Through citizen involvement and a consumer-based view of cities, Larry Beasley believes that every city can become a livable and sustainable one. He sees Canada as having a responsibility to lead by example (as cities all over the world look to the West for inspiration) and to observe and replicate sustainable practices that are being carried out in other locations.

Cancun – Was it a Success?

By Shauna Sylvester

Last December I attended the Copenhagen COP 15 Conference on Climate Change and blogged daily about it. Like many Canadians, I decided not to attend the Cancun COP 16 Conference because my expectations were extremely low about what could be achieved there.  But after tracking daily blogs and reading some of the reports following the conference, I’m regretting my decision to stay home. It appears that Mexico was more successful than Copenhagen in delivering results.

I’m using the term ‘results’ here in relative terms.  International negotiations move at glacial speed, and most climate scientists would agree that the agreements made in Cancun will not take us nearly far enough or fast enough to address the volatile impacts of climate change, nevertheless it’s important to take a moment to recognize the progress that was made.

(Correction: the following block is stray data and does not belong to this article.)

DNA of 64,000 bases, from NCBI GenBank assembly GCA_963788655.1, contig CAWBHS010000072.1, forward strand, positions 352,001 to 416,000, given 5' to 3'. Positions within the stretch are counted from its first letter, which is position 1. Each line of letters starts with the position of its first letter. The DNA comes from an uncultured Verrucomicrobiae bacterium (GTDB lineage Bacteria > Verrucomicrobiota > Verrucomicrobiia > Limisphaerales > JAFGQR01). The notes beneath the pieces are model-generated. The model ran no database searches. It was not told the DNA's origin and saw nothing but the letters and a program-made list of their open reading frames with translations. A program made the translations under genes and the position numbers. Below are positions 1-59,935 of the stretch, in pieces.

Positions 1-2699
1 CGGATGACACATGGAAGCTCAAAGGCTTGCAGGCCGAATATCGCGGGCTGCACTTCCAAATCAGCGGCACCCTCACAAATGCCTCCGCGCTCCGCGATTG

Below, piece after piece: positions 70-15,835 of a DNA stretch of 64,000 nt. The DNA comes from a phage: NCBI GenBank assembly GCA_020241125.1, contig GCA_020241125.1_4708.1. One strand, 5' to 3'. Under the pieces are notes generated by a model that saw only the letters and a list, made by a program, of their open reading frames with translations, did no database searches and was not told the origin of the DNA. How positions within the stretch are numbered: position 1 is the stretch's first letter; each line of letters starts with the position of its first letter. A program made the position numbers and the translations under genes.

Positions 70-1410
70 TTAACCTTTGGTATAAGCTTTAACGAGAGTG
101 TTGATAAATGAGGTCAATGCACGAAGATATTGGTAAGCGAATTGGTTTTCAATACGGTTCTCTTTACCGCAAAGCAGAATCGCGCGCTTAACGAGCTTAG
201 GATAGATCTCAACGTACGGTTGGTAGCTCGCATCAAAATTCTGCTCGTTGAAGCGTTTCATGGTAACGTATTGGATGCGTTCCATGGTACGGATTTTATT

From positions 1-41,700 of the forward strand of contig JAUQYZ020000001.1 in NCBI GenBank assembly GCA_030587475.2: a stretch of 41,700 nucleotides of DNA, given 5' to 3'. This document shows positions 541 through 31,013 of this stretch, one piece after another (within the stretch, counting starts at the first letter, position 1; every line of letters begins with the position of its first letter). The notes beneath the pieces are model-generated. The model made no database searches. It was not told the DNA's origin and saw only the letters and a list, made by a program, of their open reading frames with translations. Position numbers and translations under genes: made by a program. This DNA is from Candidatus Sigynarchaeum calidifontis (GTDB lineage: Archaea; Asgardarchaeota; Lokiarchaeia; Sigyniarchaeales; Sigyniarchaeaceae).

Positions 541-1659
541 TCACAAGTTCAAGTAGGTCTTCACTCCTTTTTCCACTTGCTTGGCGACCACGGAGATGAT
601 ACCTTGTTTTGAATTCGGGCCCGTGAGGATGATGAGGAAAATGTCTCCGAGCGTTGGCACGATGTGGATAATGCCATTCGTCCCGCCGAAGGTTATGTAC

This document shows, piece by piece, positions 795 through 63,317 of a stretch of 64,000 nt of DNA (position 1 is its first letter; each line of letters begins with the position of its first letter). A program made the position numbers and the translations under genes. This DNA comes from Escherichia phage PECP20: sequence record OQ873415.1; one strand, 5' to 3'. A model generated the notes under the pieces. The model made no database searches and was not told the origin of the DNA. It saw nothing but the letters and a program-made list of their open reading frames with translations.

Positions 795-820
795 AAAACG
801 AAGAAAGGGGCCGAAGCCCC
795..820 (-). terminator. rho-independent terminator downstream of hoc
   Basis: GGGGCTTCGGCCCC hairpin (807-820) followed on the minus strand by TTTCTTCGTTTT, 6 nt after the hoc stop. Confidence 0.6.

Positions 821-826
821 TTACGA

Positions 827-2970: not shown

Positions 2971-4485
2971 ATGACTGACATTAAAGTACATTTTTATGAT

Here is my quick assessment of COP 15’s  modest ‘achievements’ albeit from my perch in Vancouver.

1.      The Mexican delegation was successful in keeping the negotiations moving.  They demonstrated their capacities as a global convenor, in ways that might put others to shame.

2.      Civil Society organizations were active, organized and vocal.  Young people and indigenous people were particularly successful in building global networks and communicating their concerns.

3.      The parties agreed to keep temperatures to a global average of under 2 degrees C (450ppm), bringing this target within the official UN process. Although this was a strongly held negotiating position by the European Union in Copenhagen, they had to wait unit Cancun to see it adopted.  Some environmentalists and island states have contended for years that the target is too high and have pushed for a lower threshold (1.5 degrees or 360ppm).